For more on the ESDA’s annual progress report, plus a listing of current ESDA standards committee documents, click here.
Over the last two weeks we have gone over the human body and charge device models of ESD classification. This week is the last in our three part series, and we are going over the machine model.
The machine model is the most straightforward of the three ESD classifications. It shows how sensitive a device is to other charged devices in the area. For instance, if there are charged wires around your work station and they touch your ESD sensitive device, machine model classification tells you how much voltage can discharge from the wire to the item before it is affected.
To the left are the classification levels for the machine model. When testing products to place them in a specific class you typically charge a probe to the voltage range you want to test, then touch it to an ESD sensitive part of the device. Then test the item to see if this discharge caused damage.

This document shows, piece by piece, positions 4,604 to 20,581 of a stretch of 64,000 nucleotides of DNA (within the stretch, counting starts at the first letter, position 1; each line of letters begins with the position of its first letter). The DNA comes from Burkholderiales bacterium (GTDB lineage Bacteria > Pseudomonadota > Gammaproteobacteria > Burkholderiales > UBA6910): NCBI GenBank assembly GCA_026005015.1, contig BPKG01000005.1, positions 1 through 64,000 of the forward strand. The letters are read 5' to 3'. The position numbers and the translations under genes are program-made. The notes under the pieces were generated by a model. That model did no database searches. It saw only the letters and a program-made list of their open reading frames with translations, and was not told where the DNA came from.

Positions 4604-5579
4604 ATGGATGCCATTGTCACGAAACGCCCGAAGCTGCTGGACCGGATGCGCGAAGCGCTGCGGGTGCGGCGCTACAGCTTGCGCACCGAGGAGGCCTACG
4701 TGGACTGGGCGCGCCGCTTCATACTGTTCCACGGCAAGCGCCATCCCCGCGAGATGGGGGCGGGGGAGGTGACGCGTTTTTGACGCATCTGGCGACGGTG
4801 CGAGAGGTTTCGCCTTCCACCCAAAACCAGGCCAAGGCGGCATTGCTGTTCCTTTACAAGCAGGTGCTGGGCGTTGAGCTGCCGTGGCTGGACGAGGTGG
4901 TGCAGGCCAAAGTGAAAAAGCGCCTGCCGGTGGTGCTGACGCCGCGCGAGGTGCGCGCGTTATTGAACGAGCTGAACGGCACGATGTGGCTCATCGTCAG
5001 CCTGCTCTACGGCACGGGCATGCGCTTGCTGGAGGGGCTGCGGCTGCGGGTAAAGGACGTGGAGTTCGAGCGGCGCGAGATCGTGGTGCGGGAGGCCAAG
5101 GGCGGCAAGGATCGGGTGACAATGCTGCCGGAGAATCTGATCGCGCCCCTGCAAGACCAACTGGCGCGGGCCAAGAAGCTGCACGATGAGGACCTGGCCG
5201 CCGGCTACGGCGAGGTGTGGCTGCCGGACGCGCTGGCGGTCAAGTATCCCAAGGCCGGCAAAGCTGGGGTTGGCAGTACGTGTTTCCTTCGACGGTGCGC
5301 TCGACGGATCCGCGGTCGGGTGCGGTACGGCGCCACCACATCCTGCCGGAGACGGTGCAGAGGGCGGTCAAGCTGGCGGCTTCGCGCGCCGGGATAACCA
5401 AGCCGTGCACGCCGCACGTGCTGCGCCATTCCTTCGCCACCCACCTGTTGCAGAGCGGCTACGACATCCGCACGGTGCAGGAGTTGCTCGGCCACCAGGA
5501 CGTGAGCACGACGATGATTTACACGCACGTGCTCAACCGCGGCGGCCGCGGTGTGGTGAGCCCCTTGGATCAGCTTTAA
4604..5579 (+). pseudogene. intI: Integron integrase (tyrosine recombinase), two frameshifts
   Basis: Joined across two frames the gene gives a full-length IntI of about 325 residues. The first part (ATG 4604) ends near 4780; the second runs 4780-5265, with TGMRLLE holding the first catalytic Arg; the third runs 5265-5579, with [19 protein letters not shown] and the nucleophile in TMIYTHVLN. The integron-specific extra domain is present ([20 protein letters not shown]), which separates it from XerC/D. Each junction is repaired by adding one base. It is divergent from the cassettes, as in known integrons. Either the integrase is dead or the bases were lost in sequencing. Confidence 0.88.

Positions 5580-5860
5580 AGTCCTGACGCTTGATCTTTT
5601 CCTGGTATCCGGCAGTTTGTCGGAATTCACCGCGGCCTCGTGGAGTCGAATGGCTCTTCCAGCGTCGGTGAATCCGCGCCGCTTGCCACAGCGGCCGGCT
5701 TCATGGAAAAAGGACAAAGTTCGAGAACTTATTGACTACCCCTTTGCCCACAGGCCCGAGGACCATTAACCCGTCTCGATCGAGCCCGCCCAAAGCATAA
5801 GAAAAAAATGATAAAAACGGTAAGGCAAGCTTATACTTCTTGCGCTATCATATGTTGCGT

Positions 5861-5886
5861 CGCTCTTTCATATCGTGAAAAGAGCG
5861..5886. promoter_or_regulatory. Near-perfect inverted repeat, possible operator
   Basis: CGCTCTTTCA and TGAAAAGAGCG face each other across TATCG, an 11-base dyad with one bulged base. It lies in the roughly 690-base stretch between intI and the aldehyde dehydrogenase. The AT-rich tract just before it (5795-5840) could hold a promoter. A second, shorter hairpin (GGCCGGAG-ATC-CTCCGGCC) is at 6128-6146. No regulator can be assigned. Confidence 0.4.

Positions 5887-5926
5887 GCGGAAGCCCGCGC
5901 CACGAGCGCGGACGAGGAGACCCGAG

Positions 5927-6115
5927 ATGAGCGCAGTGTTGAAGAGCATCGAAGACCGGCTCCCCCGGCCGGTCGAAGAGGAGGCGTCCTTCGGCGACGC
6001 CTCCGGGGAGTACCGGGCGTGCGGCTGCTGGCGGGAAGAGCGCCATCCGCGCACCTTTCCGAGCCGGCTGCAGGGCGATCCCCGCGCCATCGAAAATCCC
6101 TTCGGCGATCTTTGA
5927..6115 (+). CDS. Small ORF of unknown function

This marks the end of our ESD classification series! If you need any more information on the ESD classification systems then check out www.esda.org. They have documents on the classification models, as well as a glossary of terms and a lot of other information. Starting next Monday we are going to shift gears and start to talk about electrical testing equipment, such as the new Monroe Electronics meters we will soon be adding to our site. Also make sure to check out the first two parts of our ESD classification series, linked below.
Read Part 1 of “What are the ESD Classifications? Human Body Model”
Read Part 2 of “What are the ESD Classifications? Charge Device Model”